A Memory Called Empire

Arkady Martine
A Memory Called Empire Cover

entertaining but generic - or - generic but entertaining?



Let me be upfront: this was an okay book, a nice book, an entertaining book, a Tor book, and I'd even recommend it if you need your contemporary space opera fix. But at the same time, it was very, very generic. Maybe that calls for a checklist?


EMPIRE - Indeed, empire. It's even in the title! What an easy target imperialism has become. Sadly, the Teixcalaanli empire is never menacing, it never shows its teeth. It is supposed to be a remorseless, planet gulping military machine, yet the Emperor is a friendly old man that managed peace for 80 years. The fact that Lesl Station - the home of our protagonist Mahit Dzmare and 30,000 other souls - managed to remain independent for decades only shows that the Teixcalaan aren't the boogeyman. To Martine's credit, the book does portray a believable form of cultural imperialism, but it's seen only through Mahit's eyes, and as she is a Teixcalanophile that again kinda removes the sting. At the end, I was rooting for the Emperor, and I never felt the opposition between Lesl & Teixcalaan - part of that is the fact that Lesl Station is never fleshed out. The same goes for Teixcalaan: while it does feature the outskirts of the Shiny City & its proletariat once, the book firmly focuses on the elite. As social critique it does not work, because Martine seems more infatuated with the Imperial Court and its mother-of-pearl exotica flower inlays.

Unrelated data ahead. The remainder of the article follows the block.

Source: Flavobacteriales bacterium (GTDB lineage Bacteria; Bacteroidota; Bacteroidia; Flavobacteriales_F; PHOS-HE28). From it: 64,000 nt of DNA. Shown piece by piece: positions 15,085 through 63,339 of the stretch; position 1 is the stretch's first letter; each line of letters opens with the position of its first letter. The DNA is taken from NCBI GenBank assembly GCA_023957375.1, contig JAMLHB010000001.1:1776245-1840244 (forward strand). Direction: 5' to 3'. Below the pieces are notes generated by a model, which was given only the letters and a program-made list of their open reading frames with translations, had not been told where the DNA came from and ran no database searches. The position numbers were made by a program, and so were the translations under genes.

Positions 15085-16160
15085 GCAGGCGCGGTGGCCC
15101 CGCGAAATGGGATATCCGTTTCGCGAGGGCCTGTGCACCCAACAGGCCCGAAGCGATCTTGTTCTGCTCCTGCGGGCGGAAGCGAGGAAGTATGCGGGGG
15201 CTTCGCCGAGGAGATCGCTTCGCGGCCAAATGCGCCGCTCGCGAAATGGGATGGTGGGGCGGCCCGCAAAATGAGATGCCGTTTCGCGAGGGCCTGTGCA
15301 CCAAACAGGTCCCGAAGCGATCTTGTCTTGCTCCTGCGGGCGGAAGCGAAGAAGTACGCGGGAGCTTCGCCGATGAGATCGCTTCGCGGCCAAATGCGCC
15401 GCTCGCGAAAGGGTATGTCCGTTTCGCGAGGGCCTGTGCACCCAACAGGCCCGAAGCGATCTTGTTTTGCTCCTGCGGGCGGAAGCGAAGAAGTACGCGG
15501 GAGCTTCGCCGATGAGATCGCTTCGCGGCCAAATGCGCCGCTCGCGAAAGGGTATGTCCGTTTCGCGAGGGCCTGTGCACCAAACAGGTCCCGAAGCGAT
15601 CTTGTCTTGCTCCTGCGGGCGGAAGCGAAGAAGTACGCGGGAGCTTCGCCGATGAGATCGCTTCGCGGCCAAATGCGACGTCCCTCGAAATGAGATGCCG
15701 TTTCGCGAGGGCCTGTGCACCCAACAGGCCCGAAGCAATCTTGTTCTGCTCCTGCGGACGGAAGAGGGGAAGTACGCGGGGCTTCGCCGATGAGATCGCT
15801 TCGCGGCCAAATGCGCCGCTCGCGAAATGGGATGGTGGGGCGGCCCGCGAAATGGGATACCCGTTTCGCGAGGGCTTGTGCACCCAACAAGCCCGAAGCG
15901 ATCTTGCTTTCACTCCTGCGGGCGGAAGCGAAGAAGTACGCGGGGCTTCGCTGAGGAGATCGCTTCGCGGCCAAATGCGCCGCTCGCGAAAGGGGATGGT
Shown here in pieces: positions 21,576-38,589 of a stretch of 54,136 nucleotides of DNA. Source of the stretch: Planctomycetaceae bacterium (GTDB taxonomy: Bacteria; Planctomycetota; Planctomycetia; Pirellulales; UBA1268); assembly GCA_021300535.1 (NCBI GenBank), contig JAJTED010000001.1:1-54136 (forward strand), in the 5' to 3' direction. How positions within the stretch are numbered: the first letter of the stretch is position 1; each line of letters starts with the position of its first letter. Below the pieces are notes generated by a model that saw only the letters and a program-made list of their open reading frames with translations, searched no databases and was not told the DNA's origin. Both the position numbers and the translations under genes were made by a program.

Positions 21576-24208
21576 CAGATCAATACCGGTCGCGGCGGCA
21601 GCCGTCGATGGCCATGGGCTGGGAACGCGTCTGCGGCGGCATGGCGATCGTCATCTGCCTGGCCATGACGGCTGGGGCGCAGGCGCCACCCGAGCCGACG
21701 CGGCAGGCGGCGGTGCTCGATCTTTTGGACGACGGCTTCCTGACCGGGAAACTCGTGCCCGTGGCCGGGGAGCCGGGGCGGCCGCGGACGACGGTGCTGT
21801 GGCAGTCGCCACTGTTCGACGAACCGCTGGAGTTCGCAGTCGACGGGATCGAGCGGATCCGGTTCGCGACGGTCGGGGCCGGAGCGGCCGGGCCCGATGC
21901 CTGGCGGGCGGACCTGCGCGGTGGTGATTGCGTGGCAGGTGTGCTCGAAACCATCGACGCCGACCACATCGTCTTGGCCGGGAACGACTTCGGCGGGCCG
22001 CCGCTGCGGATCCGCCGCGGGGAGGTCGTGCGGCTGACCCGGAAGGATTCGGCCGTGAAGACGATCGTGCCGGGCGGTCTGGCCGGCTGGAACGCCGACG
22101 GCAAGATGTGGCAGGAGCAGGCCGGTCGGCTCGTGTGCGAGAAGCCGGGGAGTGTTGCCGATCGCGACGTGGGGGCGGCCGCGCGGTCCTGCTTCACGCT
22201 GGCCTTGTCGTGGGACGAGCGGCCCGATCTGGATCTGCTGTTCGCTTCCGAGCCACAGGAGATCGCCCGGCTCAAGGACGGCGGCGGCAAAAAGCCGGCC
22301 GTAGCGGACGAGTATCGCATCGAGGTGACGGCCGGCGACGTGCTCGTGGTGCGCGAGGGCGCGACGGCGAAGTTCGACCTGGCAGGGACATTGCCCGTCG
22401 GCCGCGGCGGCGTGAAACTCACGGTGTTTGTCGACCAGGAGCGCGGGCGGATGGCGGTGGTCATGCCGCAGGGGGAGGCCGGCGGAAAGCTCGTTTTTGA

Full review on Weighing A Pig..